14 Best Trees to Plant in Atlanta, GA

Pink flower tree in lawn

Covered in a dense tree canopy, Atlanta proudly wears its “City in a forest” name. Almost 60% of single-family and 40% of multi-family residential properties in the city are tree-covered. Tree heaven indeed, giving precious shade during summer heat and a spectacular rainbow show in the autumn. 

What trees do homeowners plant in their A-town gardens? The list is enormous. If you just moved in or you’re reshaping a treeless yard, this article can help. We pulled out the 14 best trees to plant in Atlanta, including both fruit and flowering trees. 

Read in this article about:

1. Southern Live Oak

Big Oak Tree
Photo Credit: Pixabay

The live oak is a majestic tree designated as the official Georgia state tree in 1937. Part of the red oak family, it’s fast-growing, with massive branches and a broad-spreading, low crown. 

While not a true evergreen, this fantastic tree keeps its leaves until spring, when the new ones emerge. It creates a wonderfully shaded space in your yard where you can:

  • Spread ornamental mulch.
  • Install plants that don’t need much sun, like Autumn fern, variegated Solomon’s seal, hosta, or mondo grass.
  • Put in a coffee serving area.

The Southern Live Oak is more suitable for the larger yards of Atlanta. With limited outdoor space, consider smaller cultivars of oak trees such as the Highrise or Post Oak. All cultivars are deciduous trees and lose their leaves in late fall.

  • Botanical name: Quercus virginiana
  • Other common names: Bay live oak, plateau oak
  • Size at maturity: Grows 60 to 100 feet tall and 50 to 60 feet wide
  • Growth rate: Moderate grower (two feet in height and one inch in trunk diameter each year)
  • Lifespan: 60 to 75 years (up to 250 to 500 years in good growing conditions)
  • Soil and water requirements: Grows in dry, sandy, or clay loam soil; tolerates drought and poor soils
  • Light requirements: Partial shade or full sun
  • USDA hardiness zone: Hardy in zones 6 to 8

2. White Dogwood

Tree cover with white flowers
Photo Credit: PxFuel

Also known as The Dogwood City, Atlanta treasures this beautiful flowering tree, celebrated in festivals, parks, and gardens. With their awesome white or pink blossoms, white dogwoods are the uncontested star at Atlanta’s Dogwood Festival, held yearly for over 8 decades.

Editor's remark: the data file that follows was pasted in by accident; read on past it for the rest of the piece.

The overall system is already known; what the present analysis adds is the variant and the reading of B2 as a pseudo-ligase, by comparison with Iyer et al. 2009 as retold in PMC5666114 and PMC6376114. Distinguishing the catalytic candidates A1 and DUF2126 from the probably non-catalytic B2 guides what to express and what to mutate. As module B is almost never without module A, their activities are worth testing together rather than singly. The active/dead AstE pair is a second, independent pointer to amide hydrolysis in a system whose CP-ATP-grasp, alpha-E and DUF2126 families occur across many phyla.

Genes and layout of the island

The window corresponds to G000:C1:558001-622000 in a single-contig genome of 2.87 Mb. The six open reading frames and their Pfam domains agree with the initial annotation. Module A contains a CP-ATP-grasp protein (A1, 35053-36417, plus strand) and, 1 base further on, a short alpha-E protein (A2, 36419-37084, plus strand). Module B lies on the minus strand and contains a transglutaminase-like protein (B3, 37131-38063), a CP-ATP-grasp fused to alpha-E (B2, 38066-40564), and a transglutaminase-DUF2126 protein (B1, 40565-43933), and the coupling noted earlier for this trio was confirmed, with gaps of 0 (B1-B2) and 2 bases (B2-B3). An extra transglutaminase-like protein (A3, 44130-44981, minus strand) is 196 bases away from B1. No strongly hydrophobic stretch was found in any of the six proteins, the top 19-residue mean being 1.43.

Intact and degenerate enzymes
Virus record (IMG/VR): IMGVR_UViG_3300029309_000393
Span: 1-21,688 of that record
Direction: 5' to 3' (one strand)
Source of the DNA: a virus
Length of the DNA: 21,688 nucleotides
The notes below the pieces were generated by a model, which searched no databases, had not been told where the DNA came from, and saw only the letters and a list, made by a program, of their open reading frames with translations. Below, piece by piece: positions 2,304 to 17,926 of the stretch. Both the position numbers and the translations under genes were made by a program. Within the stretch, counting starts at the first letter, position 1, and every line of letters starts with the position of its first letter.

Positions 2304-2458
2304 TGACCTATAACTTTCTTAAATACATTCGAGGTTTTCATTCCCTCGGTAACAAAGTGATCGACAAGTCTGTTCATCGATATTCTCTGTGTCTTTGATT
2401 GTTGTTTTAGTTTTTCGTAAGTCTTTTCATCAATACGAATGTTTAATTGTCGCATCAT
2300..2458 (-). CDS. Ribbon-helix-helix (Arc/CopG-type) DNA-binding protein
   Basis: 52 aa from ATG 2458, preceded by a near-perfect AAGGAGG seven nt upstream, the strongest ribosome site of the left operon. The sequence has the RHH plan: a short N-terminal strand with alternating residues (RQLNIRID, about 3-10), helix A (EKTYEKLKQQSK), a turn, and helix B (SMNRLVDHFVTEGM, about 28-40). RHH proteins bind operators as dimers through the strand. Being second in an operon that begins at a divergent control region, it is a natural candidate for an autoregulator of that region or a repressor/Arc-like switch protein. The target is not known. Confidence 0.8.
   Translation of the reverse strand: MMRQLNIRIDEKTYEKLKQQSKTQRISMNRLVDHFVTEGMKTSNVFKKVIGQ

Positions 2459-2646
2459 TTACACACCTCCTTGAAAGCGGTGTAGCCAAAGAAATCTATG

The dogwood has amazing green summer leaves that become scarlet red during fall, and the dark bark is impressive during winter. This native tree might be one of the most spectacular flowering trees you can choose for your yard.

  • Botanical name: Cornus florida
  • Other common names: American dogwood, Indian arrowwood, cornelian tree, white cornel, false boxwood
  • Size at maturity: Grows 15 to 25 feet tall and 20 to 25 feet wide
  • Growth rate: Medium rate, grows 1 to 2 feet per year
  • Lifespan: About 80 years
  • Soil and water requirements: Enjoys well-drained, fertile, moist, acidic soils (a pH of 6 to 7)
  • Light requirements: Some afternoon shade, but good morning sun
  • USDA hardiness zone: Hardy to zones 5 to 9

3. River Birch

stem of river birch tree
Photo Credit: Mr.TinMD / Flickr / CC BY-ND 2.0

The river birch has an elegant, slim, tall silhouette with silver-gray to cinnamon-brown bark. It’s an ever-changing beauty, peeling its two-toned bark year-round. Come fall, its delicate leaves turn a showy yellow that lightens up your garden. 

It’s a fast grower with valuable visual details, excellent for landscaping projects. The river birch’s love for moist soil means you must water it during dry weeks to keep it healthy. 

  • Botanical name: Betula nigra
  • Other common names: Black birch, red birch, river birch, water birch
  • Size at maturity: Grows 40 to 70 feet tall and up to 40 feet wide
  • Growth rate: Medium to fast rate (1 to more than 2 feet a year)
  • Lifespan: 75 to 100 years
  • Soil and water requirements: Grows well in acidic, loamy, sandy, and clay soils. If not planted in wet soil, deeply water it for two to three hours weekly. It thrives in damp soil and visibly suffers during drought.
  • USDA hardiness zone: Hardy to zones 6 to 8

4. Trident Maple

tree with empty branches
Photo Credit: Sage Ross / Wikimedia Commons / CC BY-SA 3.0

A good choice for medium-sized gardens in the Peach State, the trident maple is full of color and texture from top to bottom. This maple tree grows a rounded crown with dark-green leaves that turn bright yellow to deep red in the fall. 

Its bark exfoliates year-round and enriches in tones as the tree ages, showing beautiful silver, orange, and brown details. The trident maple is often included in modern landscapes and can be pruned to grow as a single-trunked or multi-trunked tree. Under this tree’s crown, you can safely plant:

  • Tulips
  • Daffodils
  • Snowdrops
  • Grape hyacinths

These flowers will receive enough light in the spring to thrive and flower.

  • Botanical name: Acer buergerianum